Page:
THE MAKING OF CHANEL 'TIMELESS'
'Timeless' is part of an international spec ad campaign for Chanel conceived by Feli di Giorgio.
It consists of three long format shorts for internet and theatrical release from which multiple 30 or 60 second spots would be cut for broadcast and internet distribution. A print campaign based on the characters featured in the shorts would be created for magazines, billboards etc.
Each of the long format spots would tell a distinct story following a common theme. They would feature a specific classic Chanel creation and serve the purpose of evoking the heritage and spirit of the company.
The pilot short presented here is titled 'Timeless'. It tells the story of a woman and her prized Chanel day suit as it accompanies her over a 20 year period of her life.
The two other and as of now unfilmed episodes in the trilogy are titled 'Black Swan' and 'The Gift'.
The color palette of the production is based on the work of French rococo painter François Boucher. Most notable being the prominent shades of blue found throughout his catalog of work. The blue dress worn by leading lady Karen Hall served as an anchor for the color palette of the entire production. The colors of all other costumes, props and sets were coordinated to work in harmony with this costume.
In addition to Ms Hall's acting talents she was also cast for her uncanny resemblance to some of the subjects painted by François Boucher.
A swatch of the blue fabric used for the hero costume along with a color wheel and sketches for sets and costumes worn by other characters.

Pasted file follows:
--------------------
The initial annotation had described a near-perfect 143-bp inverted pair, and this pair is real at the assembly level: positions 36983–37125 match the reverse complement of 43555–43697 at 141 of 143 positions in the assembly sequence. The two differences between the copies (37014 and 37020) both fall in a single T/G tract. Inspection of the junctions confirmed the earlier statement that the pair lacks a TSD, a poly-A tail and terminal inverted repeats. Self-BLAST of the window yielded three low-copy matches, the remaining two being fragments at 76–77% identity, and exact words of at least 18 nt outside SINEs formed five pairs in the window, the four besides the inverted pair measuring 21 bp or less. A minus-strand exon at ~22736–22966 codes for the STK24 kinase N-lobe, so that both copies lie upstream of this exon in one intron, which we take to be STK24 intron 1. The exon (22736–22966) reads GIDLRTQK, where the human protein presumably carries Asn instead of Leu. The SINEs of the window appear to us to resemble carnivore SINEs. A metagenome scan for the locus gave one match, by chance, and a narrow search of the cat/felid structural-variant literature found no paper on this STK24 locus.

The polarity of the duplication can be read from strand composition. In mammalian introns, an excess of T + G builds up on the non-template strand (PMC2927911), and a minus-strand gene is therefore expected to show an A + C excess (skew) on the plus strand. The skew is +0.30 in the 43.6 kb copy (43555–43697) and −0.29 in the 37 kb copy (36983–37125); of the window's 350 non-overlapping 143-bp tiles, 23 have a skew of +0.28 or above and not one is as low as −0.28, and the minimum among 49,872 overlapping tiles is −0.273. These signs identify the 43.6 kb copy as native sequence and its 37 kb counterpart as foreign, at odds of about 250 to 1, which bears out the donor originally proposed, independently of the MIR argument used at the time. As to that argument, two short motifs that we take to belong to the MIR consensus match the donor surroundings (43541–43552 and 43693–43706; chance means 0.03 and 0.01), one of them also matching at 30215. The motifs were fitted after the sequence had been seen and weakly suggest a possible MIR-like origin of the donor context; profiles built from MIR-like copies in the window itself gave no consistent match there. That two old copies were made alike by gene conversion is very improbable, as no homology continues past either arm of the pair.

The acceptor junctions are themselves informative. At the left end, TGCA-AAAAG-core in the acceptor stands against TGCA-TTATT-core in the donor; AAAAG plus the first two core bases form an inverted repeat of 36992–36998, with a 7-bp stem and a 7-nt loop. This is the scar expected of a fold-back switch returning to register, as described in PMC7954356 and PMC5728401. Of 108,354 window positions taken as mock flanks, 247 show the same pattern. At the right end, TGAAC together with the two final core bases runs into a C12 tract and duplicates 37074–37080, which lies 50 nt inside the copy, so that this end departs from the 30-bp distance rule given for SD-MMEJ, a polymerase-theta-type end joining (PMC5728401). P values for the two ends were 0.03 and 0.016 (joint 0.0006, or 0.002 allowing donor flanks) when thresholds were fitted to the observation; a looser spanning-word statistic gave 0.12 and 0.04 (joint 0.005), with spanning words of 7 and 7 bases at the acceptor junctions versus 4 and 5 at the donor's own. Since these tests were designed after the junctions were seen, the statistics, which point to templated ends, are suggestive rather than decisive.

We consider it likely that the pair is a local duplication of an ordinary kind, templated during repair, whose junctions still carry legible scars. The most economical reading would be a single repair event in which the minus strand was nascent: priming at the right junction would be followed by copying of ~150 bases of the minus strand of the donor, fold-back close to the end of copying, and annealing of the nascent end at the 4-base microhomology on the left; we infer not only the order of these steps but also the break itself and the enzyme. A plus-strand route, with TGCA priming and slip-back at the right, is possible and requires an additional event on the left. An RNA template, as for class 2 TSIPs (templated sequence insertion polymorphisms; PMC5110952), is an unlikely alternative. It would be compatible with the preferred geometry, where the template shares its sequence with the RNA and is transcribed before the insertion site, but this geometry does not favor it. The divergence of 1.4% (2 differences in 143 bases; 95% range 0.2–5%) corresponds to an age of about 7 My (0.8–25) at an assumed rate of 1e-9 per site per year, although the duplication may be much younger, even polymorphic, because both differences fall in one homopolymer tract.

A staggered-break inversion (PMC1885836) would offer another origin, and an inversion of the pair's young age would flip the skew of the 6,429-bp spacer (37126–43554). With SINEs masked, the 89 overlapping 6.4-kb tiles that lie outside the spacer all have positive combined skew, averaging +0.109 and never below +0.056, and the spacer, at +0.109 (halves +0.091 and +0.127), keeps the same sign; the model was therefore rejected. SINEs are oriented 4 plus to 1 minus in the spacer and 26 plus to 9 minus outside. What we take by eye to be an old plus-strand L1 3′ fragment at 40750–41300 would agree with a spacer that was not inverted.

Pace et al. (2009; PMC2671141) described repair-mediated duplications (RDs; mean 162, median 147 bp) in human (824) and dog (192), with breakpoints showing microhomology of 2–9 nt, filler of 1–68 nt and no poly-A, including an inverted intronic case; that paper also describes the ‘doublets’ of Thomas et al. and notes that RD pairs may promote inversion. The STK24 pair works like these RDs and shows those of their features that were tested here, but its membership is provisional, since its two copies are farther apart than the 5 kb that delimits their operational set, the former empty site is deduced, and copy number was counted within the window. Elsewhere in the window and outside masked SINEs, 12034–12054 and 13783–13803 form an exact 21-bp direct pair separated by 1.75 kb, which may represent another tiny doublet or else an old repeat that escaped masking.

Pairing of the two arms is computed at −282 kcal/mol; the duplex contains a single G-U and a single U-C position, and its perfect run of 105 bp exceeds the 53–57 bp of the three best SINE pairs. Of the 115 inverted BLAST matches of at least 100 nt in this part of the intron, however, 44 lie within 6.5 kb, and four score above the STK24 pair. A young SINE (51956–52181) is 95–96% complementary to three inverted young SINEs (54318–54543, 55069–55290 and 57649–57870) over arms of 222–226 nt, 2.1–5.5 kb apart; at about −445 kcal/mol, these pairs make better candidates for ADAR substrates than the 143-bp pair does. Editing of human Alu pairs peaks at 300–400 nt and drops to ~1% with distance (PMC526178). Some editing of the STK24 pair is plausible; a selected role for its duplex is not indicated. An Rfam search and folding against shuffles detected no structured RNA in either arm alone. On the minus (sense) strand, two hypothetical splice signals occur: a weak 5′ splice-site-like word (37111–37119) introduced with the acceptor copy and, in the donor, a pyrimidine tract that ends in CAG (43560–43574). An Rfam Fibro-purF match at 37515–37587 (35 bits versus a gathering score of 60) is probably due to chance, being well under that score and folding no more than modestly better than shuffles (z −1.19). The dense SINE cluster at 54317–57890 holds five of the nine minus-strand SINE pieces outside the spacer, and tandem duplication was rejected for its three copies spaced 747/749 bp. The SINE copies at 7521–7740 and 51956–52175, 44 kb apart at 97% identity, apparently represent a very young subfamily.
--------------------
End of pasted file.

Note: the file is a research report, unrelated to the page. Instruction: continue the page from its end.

A selection of frames from Chanel 'Timeless' illustrating color across the spot.
The story of Chanel 'Timeless' revolves around a blue day suit that accompanies a woman over a 20 year period of her life.
The iconic day suit was introduced by Coco Chanel in the1950's. It consists of a collarless cardigan jacket featuring prominent edge piping made from braided trim or other fabric. The cut is boxy, clean and modern. The jacket is accompanied by a slimline skirt of knee length and a pair of Chanel's two tone slingback shoes with their distinct contrasting toe cap. More than a half century after its introduction the classic Chanel day suit remains popular with woman of all ages.
The blue day suit featured in 'Timeless' is an original design by director Feli di Giorgio created for leading lady Karen Hall.
Rather than reproducing an original Chanel creation a variation was envisioned with the intention of evoking the timeless spirit of the original design while complimenting Ms Hall's personal attributes and personality. A bespoke example of this suit was tailored specifically for Ms Hall and the production.
Great attention to detail was also lavished on her accessories and accoutrements. This entailed period correct undergarments, including stockings that were reproduced by a specialty company on vintage machinery. The prominently featured straw hat dates to the early 1920s and the white elbow length kid leather gloves are vintage haute couture of French origin.
The remaining costumes for the other actors and additional items for Ms Hall were purchased through various vintage shops and estate sales. The wedding dress is an original 1930's item from Saks Fift Ave, while the suits worn by Maciek Sokalsky are from various manufacturers of the time period. All garments are period correct originals that change in style as the story progresses forward in time.
Period reference material for the Chanel day suit.
Costume sketch and cutting note by Feli di Giorgio
Karen Hall being fitted for her bespoke costume.
(photos F. di Giorgio)
The look of Chanel 'Timeless' is comprised of two main components; natural lighting and a digital emulation of the vintage 3-strip Technicolor process.